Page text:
Barack Obama has come a long way over Kashmir from his interview to TIME’s Joe Klein to his press conference with Manmohan Singh in New Delhi yesterday. This is the topic of today’s Pax Indica column:
In his informative little book (“The South Asia Story: The first sixty years of US relations with India and Pakistan”, Sage Publications) Harold Gould writes that in addition to the underlying geopolitics, the personalities, levels of awareness and intellectual capacities of US presidents determined their policy positions over Kashmir. The hopes Mr Obama raised in Islamabad, in parts of the Kashmir Valley and indeed in Washington, were not unfounded. So it will be interesting to know what caused him to change his position: was it merely an acknowledgement of the limits of US influence or does he now have a better appreciation of the subject two years after coming to office?
Mr Obama’s thinking on the Kashmir issue matters, because if he sticks to his dogmatic insistence on withdrawing troops from Afghanistan by the middle of next year, he will face internal pressures to buy a face-saving exit from the war. Unless there is a dramatic change on the ground, the United States depends upon the Pakistani military-jihadi complex to prevent a bloodbath once US troops leave.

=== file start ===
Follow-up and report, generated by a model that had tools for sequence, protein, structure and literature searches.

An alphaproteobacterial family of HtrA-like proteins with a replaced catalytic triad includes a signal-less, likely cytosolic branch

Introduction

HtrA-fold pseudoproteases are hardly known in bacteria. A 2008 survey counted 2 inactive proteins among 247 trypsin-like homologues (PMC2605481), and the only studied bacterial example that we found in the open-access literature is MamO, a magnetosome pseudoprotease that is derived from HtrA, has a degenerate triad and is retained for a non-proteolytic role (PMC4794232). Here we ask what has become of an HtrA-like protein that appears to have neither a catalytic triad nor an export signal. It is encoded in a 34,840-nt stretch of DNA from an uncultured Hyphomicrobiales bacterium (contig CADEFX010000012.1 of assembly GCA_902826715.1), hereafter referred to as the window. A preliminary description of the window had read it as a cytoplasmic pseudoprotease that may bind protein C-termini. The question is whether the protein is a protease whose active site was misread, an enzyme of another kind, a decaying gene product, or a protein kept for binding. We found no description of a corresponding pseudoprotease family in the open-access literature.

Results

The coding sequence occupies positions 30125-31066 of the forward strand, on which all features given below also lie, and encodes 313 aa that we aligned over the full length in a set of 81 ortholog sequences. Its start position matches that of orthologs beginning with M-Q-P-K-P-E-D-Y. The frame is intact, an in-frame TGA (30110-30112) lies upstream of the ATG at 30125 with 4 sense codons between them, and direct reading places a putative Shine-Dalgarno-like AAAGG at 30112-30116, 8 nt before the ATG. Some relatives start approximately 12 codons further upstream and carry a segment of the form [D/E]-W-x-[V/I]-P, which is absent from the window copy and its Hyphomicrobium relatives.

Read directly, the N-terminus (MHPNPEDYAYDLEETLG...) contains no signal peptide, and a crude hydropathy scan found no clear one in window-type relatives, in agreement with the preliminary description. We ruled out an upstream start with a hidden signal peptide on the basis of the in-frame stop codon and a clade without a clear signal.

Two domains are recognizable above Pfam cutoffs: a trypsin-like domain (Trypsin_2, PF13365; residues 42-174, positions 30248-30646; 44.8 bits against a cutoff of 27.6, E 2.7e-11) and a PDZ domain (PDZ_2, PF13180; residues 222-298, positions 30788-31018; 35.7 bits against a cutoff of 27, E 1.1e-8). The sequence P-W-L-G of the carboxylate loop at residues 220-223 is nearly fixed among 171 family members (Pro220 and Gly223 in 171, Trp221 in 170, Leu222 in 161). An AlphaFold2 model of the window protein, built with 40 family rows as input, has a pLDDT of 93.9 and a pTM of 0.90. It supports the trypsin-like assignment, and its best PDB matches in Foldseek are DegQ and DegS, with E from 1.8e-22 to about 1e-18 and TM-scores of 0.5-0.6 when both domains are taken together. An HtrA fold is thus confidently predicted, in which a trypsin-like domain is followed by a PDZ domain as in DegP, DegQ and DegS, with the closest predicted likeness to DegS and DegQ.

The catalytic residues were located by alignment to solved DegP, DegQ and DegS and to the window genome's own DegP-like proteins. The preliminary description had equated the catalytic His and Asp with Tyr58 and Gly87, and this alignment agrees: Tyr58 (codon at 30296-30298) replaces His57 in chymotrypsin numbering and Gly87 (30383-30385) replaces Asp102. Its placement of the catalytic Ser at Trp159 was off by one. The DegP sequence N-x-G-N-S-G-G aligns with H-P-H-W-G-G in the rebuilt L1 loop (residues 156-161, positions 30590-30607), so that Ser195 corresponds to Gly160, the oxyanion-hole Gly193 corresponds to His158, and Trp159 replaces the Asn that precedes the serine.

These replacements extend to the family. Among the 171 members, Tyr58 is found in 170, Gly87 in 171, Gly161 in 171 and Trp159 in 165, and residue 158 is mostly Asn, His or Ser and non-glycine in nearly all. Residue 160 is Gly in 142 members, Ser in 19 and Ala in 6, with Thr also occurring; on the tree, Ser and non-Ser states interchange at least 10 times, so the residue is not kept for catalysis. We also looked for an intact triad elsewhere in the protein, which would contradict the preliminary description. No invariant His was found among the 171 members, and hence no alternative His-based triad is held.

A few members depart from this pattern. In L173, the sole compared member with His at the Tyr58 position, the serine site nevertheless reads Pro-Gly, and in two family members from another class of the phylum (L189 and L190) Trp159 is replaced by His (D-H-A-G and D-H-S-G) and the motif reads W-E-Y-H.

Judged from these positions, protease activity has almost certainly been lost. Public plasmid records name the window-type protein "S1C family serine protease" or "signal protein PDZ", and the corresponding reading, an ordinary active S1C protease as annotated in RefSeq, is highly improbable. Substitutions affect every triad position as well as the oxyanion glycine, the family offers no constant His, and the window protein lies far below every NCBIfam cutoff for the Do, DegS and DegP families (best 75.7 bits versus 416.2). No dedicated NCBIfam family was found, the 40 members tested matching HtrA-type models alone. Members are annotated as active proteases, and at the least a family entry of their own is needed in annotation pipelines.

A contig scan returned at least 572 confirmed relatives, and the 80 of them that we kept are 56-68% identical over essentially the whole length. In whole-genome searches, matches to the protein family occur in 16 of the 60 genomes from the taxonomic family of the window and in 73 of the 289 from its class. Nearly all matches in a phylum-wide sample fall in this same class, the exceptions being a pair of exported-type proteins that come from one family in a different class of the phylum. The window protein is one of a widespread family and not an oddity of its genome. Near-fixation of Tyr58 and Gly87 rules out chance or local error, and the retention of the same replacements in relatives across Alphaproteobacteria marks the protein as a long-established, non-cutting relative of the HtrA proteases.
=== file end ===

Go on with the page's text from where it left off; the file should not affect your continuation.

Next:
General Ashfaq Kayani will not oblige without extracting a price. It’s hard to say what Pakistan won’t ask for. But its top three demands are likely to include: the handing over of the keys to Kabul to its Taliban proxies; legitimacy for its nuclear weapons in the form of a nuclear deal; and, of course, a “settlement of the Kashmir issue”. [Yahoo!]
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